10 Whole30 Holiday Recipes

Here are ten delicious Whole30 holiday recipes to help you celebrate and keep you feeling good. Avoid the foods that make you feel lousy and eat well too! #whole30holidayrecipe

As the holidays approach, you’re probably already thinking about what to serve for dinner. Maybe you’re not hosting, but you’ve been asked to contribute a dish. Good food is a huge part of celebrating the holidays for me, but I also know that I feel so much better when I avoid certain foods. So this year I’m trying to find a balance of traditional and Whole30 holiday recipes for the holidays.

There are so many delicious Whole30 recipes to choose from. If you’re not familiar with the Whole30, you can read more about my experience here and here. Keep in mind that many of these recipes also fit Paleo guidelines, either as is or with some minor substitutions.

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We typically skip lunch and eat an earlier dinner on major holidays. A delicious and filling breakfast is essential to hold us off until appetizers are ready. I assure you this breakfast casserole is super yummy! Do some of the prep the night before to save time in the morning.

Breakfast Casserole

Sweet Potato Hash


It’s always good to have something to nibble on while dinner is cooking, especially if you have guests. Here are some tasty snack options on the healthier side.

Baked Zucchini Cups

Buffalo Cauliflower Bites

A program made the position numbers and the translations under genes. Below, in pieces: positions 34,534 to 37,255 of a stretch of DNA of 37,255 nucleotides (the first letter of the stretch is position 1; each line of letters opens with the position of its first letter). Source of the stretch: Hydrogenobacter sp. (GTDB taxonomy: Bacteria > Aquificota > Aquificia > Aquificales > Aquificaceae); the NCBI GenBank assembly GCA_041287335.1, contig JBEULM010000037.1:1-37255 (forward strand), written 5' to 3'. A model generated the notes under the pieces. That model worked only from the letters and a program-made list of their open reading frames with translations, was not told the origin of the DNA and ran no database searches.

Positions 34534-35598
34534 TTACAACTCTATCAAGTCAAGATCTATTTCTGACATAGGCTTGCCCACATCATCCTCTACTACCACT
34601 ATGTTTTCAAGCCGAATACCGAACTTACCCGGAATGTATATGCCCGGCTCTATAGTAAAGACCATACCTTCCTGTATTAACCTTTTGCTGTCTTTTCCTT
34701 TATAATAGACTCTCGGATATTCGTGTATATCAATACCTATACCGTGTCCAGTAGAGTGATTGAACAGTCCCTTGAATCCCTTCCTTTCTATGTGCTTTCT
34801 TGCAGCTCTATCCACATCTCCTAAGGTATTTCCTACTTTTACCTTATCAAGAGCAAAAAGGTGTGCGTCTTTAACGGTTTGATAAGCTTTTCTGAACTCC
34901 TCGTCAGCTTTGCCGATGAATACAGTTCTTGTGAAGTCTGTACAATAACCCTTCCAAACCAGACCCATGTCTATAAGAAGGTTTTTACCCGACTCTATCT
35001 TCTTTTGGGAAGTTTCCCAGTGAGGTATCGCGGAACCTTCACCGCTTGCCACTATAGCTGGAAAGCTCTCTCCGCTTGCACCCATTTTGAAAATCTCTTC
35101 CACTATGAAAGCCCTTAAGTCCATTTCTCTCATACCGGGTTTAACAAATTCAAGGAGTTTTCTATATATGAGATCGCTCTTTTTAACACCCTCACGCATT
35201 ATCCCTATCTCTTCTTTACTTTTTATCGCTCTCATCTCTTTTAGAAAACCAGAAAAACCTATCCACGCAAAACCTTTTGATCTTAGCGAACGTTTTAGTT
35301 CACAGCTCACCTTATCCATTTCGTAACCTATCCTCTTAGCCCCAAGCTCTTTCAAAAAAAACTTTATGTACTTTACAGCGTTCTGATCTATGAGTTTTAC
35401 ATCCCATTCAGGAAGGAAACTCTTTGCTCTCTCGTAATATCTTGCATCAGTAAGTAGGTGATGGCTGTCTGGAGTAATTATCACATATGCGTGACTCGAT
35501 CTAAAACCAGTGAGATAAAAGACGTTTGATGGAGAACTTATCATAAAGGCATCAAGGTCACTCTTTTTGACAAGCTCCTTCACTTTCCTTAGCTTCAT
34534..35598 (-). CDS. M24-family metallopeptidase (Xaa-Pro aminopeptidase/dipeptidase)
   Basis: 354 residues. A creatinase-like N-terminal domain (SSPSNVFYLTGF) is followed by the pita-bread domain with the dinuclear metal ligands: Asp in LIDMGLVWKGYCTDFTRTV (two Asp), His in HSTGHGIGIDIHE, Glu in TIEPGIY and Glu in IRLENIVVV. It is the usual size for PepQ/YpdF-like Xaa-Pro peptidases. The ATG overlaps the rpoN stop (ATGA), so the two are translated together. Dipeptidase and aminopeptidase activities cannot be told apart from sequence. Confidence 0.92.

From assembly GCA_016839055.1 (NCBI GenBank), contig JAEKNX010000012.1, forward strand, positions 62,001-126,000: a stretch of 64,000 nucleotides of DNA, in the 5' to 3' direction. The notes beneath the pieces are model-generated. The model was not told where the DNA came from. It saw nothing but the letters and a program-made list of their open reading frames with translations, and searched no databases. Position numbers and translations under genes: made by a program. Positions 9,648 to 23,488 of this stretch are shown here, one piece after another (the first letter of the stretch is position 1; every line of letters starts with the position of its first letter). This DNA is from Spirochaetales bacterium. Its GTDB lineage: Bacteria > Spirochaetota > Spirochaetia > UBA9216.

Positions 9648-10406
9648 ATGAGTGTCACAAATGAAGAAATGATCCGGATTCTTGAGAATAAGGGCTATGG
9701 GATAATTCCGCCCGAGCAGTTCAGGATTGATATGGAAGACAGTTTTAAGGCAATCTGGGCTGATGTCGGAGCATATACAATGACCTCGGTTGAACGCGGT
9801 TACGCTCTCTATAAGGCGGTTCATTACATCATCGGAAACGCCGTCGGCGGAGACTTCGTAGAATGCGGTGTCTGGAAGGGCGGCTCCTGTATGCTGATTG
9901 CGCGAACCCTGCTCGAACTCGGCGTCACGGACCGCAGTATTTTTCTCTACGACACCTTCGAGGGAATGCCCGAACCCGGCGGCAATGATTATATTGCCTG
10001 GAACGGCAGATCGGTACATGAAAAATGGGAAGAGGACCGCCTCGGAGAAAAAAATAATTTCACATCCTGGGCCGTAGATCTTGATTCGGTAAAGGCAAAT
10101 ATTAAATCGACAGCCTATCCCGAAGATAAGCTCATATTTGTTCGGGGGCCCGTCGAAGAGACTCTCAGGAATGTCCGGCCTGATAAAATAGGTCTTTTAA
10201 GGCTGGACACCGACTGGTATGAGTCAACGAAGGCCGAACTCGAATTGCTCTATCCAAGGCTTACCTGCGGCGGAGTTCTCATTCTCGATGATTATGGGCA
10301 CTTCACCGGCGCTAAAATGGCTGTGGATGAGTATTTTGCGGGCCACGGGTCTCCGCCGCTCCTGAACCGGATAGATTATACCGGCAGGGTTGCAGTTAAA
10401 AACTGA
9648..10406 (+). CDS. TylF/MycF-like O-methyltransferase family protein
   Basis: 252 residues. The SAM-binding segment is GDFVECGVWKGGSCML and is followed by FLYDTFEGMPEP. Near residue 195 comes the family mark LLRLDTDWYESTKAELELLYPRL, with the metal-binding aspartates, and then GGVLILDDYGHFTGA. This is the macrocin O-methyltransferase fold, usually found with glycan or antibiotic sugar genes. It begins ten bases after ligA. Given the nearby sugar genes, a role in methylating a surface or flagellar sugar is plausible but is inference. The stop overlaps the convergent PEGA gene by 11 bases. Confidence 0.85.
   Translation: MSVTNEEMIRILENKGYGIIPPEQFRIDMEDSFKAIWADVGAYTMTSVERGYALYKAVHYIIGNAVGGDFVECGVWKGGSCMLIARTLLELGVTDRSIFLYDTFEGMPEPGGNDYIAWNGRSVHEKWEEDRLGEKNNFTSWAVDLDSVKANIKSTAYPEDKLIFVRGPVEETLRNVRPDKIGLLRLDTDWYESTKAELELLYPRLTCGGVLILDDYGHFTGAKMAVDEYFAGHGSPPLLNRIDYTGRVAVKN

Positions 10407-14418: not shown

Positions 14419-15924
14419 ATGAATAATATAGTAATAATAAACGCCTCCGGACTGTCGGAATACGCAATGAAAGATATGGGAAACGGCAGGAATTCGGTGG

Healthy Carrot Fries with Curry Dipping Sauce

Main Dishes

Roasted Turkey 

Rosemary & Garlic Roast Beef (Substitute ghee for butter to stick to Whole30 rules.)


I love holiday side dishes almost more than the main event sometimes. Potatoes are my jam, you guys, but often it’s the carb-heavy sides that get the attention this time of year. I want to be sure to have some tasty vegetable options as well.

Crispy Roasted Broccoli

Balsamic Roasted Brussels Sprouts (If you’re doing the W30, be sure to use sugar-free bacon.)

Green Beans with Caramelized Shallots & Almonds


If you’re following a strict Whole30, you already know the bad news. Whole30-friendly desserts do not conform to the spirit of the program. Eating pie is eating pie, even if it’s made using substitutions that technically adhere to Whole30 rules. If you’re going to stay compliant over a major holiday, first of all, I’m super impressed. That takes some serious discipline and dedication. If you don’t want to feel left out during dessert, try some fresh fruit with a dollop of coconut cream.

If you’re more about eating the Whole30 way in general and not sticking to the program 100%, here are a few Paleo dessert options.

Classic Paleo Pumpkin Pie via Paleo Running Momma

Paleo Pumpkin Cake with Maple Frosting via Paleo Gluten Free Eats

Toasted Marshmallow S’more Tart via Against All Grain

Paleo Apple Pie via Bakerita

You can also find all these Whole30 holiday recipes on my Thanksgiving Recipe board here!

Delicious Whole30 Thanksgiving and Christmas Recipes.
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The Whole30 Review

An honest Whole30 review: read about my experience with the popular elimination program. I share some challenges and why thirty days isn't enough for me.

In May I finished my first full round of the Whole30! My first attempt last October was rudely interrupted by the stomach flu at day 21, so I jumped at the chance to join a friend that I knew would keep me accountable.

Self-discipline isn’t exactly my strong point so I knew it would help me to be in this with someone that wouldn’t give up the first time she was forced to pass on the bread basket at dinner.

Why the Whole30?